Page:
The University of Rochester Medical Center is mourning the loss of one of its longtime faculty members. Morris J. Shapiro, M.D., a professor of Emergency Medicine and professor emeritus of Surgery, died Thursday, Feb. 25, 2016. He was 102.
A funeral service will be held at 11 a.m. Monday, Feb. 29, at Temple Beth El, 139 S. Winton Road, Rochester. The family will receive friends from 3 to 5 p.m. and 7 to 9 p.m. Monday at the Summit at Brighton, 2000 Summit Circle Drive.
Dr. Shapiro was the oldest active faculty member at the University of Rochester Medical Center. As recently as last month he was still participating in the education of residents and medical students, attending lectures and presenting grand rounds.
He leaves a lasting legacy as a revered physician, colleague, mentor and friend to so many in this community, said Michael F. Kamali, M.D., chair of the URMC Department of Emergency Medicine.
“Dr. Shapiro had a never-ending love of teaching and learning, and throughout his career and to the very end of his life, he was always curious and inquisitive,” Kamali said. “To those of us in medicine, he constantly reminded us that we are caring for people with particular diseases and conditions, not just treating a disease. His passion for medicine and his philosophy of compassionately caring for each individual continues to inform how we practice.”
A native Rochesterian, Dr. Shapiro was born Oct. 21, 1913. He received a full scholarship and attended the University of Rochester in the first class on River Campus. He graduated Phi Beta Kappa in just three years with a bachelor’s degree in Biology in 1933, using his fourth year to earn a master’s degree in Chemistry. He went on to attend medical school at Jefferson Medical College in Philadelphia, graduating in 1938.
He began practicing medicine as a military surgeon in the U.S. Army during World War II, serving in Africa and Italy. He led the surgical team of the 16th Evacuation Hospital in Northern Africa and Italy.
It was during the war that Dr. Shapiro met his wife, Miriam, who was a nurse serving on a ship sent to support the Allied troops. When her ship was sunk off the Italian coast, she and the surviving nurses rowed ashore and went ahead and set up their hospital. After the war, Mrs. Shapiro taught biology at the University of Rochester and maintained incredible scientific interests that included many travels.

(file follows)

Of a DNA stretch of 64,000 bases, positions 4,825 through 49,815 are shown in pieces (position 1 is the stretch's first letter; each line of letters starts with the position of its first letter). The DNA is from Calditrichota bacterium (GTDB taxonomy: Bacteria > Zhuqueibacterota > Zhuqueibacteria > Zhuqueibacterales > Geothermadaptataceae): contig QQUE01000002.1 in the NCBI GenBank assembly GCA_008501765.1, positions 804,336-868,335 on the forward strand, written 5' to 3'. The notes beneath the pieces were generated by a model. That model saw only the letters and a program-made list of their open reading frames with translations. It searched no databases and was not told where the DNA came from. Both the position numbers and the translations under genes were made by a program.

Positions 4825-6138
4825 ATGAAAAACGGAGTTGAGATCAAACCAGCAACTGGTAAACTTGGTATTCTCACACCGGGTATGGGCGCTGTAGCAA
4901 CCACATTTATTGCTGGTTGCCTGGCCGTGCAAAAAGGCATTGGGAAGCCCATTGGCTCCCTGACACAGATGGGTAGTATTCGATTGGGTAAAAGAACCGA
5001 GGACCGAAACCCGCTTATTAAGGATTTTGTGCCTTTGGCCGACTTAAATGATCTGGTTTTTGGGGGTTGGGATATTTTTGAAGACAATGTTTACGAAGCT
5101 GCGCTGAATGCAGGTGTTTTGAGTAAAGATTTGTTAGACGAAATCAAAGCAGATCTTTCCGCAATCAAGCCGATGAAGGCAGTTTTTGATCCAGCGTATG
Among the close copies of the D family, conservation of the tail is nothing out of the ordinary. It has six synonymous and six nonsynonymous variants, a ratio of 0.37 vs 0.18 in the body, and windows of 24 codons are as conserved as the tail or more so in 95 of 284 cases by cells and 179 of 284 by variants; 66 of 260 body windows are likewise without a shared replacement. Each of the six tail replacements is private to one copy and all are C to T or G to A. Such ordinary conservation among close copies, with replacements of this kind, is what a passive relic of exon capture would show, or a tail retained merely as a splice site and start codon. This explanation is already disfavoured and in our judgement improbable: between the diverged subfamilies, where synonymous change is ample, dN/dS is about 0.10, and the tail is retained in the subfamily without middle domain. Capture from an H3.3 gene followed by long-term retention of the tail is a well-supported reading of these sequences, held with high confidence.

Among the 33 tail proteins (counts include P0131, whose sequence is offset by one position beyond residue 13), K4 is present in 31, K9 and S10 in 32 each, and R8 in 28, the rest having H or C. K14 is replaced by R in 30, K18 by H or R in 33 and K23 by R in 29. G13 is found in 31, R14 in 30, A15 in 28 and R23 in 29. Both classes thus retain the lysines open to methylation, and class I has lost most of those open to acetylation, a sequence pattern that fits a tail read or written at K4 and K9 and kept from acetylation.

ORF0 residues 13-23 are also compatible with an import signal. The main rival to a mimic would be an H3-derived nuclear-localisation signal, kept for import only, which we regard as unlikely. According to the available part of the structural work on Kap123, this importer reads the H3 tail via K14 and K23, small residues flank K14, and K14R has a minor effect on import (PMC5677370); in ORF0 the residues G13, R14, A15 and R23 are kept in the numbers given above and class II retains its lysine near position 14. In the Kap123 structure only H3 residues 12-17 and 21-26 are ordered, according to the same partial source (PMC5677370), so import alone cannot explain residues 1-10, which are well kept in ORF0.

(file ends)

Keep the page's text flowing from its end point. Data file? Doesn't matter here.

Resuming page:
Dr. Shapiro worked at Rochester General, Genesee and Strong Memorial hospitals. He established Rochester’s first free clinic for the early detection of breast cancer. He served as a general surgeon in the URMC Department of Surgery until his “retirement” 30 years ago, when he began work in Emergency Medicine, practicing and most recently teaching through January of this year.
Colleagues recall Dr. Shapiro as a gifted clinician who had extraordinary rapport with patients and equally impressive technical skill in the operating room.
“It made him a great teacher, with broad knowledge of medicine, surgery and human nature,” said colleague and close friend Joel Pasternack, M.D., Ph.D., professor Clinical Emergency Medicine, who met Dr. Shapiro in 1979 when Pasternack was a resident in training,
“Morrie demonstrated all the characteristics we’re teaching the medical students today – medical knowledge and technical skill, but also respect for colleagues and other health care professionals, and sensitivity to patient and family needs.”
His outlook on life and his work made him a role model for all who knew him. “You don't get to be 100 being negative, but by looking on the bright side, giving others the benefit of the doubt, and doing your best every day,” Pasternack said.
Dr. Shapiro served the community throughout his life. He provided generous support and leadership for numerous organizations, including the Jewish Home of Rochester, the Jewish Community Center and the United Way of Rochester. He has an operating room named in his honor in Tel Aviv, Israel, and a conference room at the University of Rochester.
In celebration of his 100th birthday, Dr. Shapiro created the endowed Miriam F. and Morris J. Shapiro M.D. Resident Growth and Education Award, given to residents who exemplify a passion for learning and a dedication to growth in the knowledge of the Emergency Department.
Predeceased by his wife, Miriam, in 2003, Dr. Shapiro is survived by his daughters, Donna and Barbara, and his grandchildren, Jessica, Marissa and Kate.